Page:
When a "milk shortage" began in 2013, many farmers in Hebei, Shandong, and Qinghai bought cows at high premiums, with the price of milk soaring to RMB5 per kilogram.
However, as milk prices have dropped to RMB3.3/kg since the second half of last year, the costly dairy cows have suddenly become a liability. With the cost of feed surging and dairy companies buying less milk from local farmers, many have had no choice but to pour fresh milk out into nearby fields, or even sell off once dairy-ly beloved cows.
Wang Zhiguo, a dairy farmer in Hebei Province, said he spent around RMB17,000 for each of the cows he bought in last year, but sold seven in the past six days at just RMB6,000 each because he was losing around RMB1,000 a day - a move he tearfully describes as "heartbreaking" after having raised them for so many years.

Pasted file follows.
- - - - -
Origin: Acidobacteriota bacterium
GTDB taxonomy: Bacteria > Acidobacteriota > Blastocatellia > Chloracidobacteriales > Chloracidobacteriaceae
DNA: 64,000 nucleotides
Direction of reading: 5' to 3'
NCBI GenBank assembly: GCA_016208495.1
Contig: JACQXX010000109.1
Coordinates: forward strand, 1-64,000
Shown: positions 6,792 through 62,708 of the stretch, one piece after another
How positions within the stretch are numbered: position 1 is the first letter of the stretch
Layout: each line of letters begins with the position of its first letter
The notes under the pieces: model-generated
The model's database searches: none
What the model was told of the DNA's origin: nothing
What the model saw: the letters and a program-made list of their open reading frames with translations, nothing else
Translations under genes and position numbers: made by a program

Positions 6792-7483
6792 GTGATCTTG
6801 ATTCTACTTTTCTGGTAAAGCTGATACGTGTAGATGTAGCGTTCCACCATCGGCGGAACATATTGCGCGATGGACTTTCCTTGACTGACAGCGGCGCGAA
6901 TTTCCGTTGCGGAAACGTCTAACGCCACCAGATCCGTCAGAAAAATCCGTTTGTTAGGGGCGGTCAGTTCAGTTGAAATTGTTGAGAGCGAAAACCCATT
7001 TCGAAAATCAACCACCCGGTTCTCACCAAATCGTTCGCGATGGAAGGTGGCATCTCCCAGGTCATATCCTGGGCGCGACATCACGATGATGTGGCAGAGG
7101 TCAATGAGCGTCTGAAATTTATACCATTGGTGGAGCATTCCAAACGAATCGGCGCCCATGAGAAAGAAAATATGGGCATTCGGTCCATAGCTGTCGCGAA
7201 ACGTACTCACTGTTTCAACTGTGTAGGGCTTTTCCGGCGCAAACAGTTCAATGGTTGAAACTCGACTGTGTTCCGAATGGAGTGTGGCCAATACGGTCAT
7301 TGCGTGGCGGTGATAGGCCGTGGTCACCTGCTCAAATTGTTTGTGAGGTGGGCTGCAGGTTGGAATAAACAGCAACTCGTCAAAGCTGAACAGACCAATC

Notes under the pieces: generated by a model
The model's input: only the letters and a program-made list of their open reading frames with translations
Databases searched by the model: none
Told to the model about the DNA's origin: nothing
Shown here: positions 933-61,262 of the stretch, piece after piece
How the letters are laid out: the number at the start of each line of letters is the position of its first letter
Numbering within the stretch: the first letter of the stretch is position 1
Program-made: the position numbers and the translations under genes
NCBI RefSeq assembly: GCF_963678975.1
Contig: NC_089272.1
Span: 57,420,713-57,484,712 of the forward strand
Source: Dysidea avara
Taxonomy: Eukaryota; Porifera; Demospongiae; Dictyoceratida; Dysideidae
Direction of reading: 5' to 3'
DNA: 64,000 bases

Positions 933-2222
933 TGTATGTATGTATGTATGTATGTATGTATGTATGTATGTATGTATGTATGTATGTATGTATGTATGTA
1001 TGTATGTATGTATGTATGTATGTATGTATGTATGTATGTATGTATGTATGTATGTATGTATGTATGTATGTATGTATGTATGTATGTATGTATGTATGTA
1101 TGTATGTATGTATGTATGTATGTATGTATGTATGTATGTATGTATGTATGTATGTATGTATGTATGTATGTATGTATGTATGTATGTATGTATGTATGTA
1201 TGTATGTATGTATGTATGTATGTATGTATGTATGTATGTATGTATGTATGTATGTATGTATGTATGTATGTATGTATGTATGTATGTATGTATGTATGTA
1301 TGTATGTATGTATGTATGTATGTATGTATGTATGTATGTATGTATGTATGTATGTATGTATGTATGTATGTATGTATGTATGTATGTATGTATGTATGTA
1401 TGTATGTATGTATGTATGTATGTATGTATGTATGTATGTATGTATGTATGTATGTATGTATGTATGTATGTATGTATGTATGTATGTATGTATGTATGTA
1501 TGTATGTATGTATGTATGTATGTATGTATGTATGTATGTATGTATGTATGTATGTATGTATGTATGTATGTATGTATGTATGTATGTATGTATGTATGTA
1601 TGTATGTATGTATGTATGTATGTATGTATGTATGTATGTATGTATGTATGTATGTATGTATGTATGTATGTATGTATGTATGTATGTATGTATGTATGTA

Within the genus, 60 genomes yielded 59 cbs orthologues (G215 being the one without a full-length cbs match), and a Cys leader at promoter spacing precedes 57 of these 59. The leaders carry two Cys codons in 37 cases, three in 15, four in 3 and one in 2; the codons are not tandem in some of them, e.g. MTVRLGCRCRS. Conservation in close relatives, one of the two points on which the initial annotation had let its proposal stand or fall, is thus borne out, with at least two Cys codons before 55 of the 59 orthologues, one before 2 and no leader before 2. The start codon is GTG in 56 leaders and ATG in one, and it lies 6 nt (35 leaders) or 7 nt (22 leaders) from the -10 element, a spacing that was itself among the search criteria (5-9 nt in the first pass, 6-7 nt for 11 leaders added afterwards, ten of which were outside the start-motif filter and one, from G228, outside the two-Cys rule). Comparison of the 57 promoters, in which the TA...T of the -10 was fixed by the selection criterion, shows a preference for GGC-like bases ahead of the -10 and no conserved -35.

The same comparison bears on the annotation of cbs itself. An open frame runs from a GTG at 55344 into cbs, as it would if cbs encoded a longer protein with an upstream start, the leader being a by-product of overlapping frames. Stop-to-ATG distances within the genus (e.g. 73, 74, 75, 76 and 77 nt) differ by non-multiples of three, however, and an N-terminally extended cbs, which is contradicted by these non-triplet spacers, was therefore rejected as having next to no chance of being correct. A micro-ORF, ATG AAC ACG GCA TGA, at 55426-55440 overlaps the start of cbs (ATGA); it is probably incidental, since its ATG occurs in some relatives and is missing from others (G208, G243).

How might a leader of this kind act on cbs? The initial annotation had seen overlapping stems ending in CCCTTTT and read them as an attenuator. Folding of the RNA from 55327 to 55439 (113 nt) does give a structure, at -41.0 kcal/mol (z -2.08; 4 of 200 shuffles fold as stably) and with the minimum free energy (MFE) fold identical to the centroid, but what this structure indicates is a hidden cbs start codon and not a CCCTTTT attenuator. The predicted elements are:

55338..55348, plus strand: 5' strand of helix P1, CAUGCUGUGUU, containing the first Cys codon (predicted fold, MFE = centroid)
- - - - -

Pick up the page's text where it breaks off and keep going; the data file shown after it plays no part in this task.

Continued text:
Local farmers are now pouring out fresh milk into nearby fields because barrels in-house are already full. Almost one kilogram of milk is dumped daily by each of the households.
“These 50 cows are everything I have,” says Ma Juxia, a young farmer who has been raising cows for much of his life. “I really don’t know what to do in the future. Nobody knows.”
Dairy experts postulate that the rising standards of purchasing, rising numbers of ranches established by large dairy firms, and a growing market for imported milk may be the main reasons for the current dilemma.